Iron overload likely caused my horses’ laminitis

Toxicology test on horses' iron level

Toxicology test on horses’ iron level

Hematology test on horses' iron level

Hematology test on horses’ iron level

 

In “Clue” like fashion, I’m declaring the cause of my six horses’ laminitis over the last 18 years as an excess intake of iron from weeds, trace mineral blocks and well water, leading to insulin resistance and the insulin form of laminitis.

The insulin resistance and laminitis were exacerbated by me following veterinary guidance to restrict the horses’ hay, keep the horses on dry lots and prevent the horses from eating so-called “lush grass.” I now believe these moves were the exact opposite of what was needed to get the horses’ metabolism functioning properly.

In the game of “Clue,” I’d get immediate confirmation of whether my assertion is correct. Unfortunately, with the laminitis, I will receive no such feedback.

But a cascade of events led me to this conclusion.

In October 2014, I needed to have my leaking well fixed (the water pressure was down considerably, and a pond had formed to the west).

But I also wanted to have my horses’ iron levels tested at Kansas State University’s lab. I suspected iron as the cause of the horses’ laminitis for a decade but had no proof.

A previous iron test done through the local zoo did not provide useful results.

Several experts recommended KSU for these tests (I’m not making such a recommendation at the moment). I was hoping to do a three-test panel of serum iron, TIBC and ferritin (a hematology test) and a serum trace mineral panel (a toxicology test). I admit I didn’t know what I was doing. I wanted some data.

There wasn’t enough money to do the tests and fix the well.

The iron tests for my two living horses totaled $400, including my vet’s fees. I chose to do the tests and hope for the best with the well.

My vet didn’t provide this iron test as a regular service but agreed to draw the blood if I did the mailing.

I sent the package in a vet-provided cooled envelope by overnight shipping on a Thursday. KSU said shipping on Thursday was fine as long as the package arrived Friday morning. I don’t know what happened to the package after it got under way. I don’t know when it arrived or was tested, and all may have gone as planned.

I received results from KSU that suggested my horses had toxic levels of iron (see images at top).

A university vet who provided comments on the tests said the toxic level “could be indicative of artifactual hemolysis” within the submitted sample. In other words, the blood got too warm or tainted in transit.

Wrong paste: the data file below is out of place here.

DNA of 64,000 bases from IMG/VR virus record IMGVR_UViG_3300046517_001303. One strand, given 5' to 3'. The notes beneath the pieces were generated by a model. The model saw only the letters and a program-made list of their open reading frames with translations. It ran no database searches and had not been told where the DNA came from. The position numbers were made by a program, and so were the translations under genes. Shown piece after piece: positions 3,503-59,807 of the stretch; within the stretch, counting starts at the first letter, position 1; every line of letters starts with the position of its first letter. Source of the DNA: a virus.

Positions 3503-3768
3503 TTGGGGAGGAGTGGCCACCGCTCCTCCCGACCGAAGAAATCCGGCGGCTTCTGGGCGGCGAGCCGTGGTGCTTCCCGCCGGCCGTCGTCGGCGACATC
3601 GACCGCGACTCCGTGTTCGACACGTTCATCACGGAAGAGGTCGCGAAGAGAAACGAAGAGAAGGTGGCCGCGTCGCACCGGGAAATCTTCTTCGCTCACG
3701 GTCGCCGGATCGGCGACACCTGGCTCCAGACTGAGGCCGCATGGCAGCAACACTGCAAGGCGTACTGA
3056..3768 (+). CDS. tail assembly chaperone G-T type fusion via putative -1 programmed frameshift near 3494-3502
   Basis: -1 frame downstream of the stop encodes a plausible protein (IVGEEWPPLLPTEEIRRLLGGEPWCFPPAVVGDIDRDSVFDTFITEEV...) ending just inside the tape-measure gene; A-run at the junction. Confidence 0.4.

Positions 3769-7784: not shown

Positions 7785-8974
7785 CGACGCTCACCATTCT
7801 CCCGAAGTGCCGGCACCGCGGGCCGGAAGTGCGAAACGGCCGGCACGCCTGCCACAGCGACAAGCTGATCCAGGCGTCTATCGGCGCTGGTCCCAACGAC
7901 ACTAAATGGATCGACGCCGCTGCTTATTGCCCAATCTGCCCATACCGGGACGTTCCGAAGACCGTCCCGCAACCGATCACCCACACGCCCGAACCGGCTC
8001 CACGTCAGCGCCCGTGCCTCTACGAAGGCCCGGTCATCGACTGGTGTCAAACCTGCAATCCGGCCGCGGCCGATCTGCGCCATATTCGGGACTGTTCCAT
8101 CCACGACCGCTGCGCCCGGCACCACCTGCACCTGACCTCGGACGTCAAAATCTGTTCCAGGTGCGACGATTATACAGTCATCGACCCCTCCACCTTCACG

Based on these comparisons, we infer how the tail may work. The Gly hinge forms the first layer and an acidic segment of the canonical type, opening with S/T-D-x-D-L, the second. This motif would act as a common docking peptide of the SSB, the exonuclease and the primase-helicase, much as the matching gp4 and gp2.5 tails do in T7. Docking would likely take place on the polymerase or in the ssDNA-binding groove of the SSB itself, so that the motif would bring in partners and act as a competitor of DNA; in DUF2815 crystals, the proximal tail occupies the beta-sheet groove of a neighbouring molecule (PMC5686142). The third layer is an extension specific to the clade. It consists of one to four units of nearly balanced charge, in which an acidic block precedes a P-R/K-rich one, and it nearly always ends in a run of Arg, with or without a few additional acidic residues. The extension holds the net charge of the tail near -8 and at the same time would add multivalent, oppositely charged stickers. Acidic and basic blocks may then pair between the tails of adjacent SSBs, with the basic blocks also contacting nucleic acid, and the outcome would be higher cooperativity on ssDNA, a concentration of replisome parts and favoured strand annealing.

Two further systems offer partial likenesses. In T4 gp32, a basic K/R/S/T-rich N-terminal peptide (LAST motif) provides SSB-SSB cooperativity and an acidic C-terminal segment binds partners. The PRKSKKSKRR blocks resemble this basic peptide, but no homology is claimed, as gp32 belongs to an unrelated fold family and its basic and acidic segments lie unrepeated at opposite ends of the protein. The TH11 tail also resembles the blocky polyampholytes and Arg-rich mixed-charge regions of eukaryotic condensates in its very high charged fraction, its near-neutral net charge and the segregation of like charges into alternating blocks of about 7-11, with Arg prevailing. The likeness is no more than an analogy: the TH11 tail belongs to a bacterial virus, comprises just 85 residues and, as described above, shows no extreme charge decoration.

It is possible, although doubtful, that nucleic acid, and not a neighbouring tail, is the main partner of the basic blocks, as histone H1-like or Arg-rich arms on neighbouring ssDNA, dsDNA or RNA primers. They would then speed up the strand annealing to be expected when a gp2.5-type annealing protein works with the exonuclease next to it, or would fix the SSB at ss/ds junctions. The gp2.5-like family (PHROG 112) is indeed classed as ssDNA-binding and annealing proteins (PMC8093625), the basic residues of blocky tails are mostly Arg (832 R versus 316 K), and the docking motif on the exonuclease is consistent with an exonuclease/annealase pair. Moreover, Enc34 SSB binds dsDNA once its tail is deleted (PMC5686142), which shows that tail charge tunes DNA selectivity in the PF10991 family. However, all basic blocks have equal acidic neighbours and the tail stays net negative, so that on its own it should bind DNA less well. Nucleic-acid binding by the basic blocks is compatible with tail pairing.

I talked to a lab person by phone, and the blood was indeed considered compromised.

I personally believed the results were correct as far as the horses having too much iron but couldn’t be sure, and I couldn’t do the tests again due to the cost.

I had my own iron level tested through a company I found online, Lab Corp, for considerably less money, and my iron level was normal, making me think the iron theory had come up short.

My sister told me my iron results did not seem normal, given that all the women in my family were anemic. She said I likely was anemic, too, and was being affected by the iron in the water.

Meanwhile, also in 2014, veterinarian Frank Reilly, a leading advocate for laminitic horses, posted on his website the iron levels of common pasture weeds. The iron levels are really high. Excess iron can fuel insulin resistance. His site provides plenty of research on that, too.

I knew my horses had been eating more weeds than anything else in recent years because I had intentionally ignored the grass, thinking that less grass was better. The grass went away, and the horses ate the weeds.

I was suspicious of the well water having too much iron, since the water turns everything rust colored and has eaten through the bottom of all my aluminum tanks. But I still didn’t have proof there. A water test in 2005 showed nothing suspicious.

I did find out that the horses’ trace mineral blocks were 25 percent iron, and I threw those away in 2012.

In November 2014, I emailed Dr. Reilly, asking how one might reduce the iron level in horses through supplements. He spent his Thanksgiving holiday investigating this idea. He emailed back that curcumin and ginkgo could reduce the iron level, and he provided suggested amounts and where to buy it. Purebulk.com sells the curcumin (250 grams, $70 at the time — it’s gone up). Reilly suggested feeding 1/2 tablespoon a day. Starwest Botanicals sells ginkgo leaf cut and sifted (1 pound bag). Reilly suggested feeding 1 tablespoon in the morning and 1 tablespoon in the evening.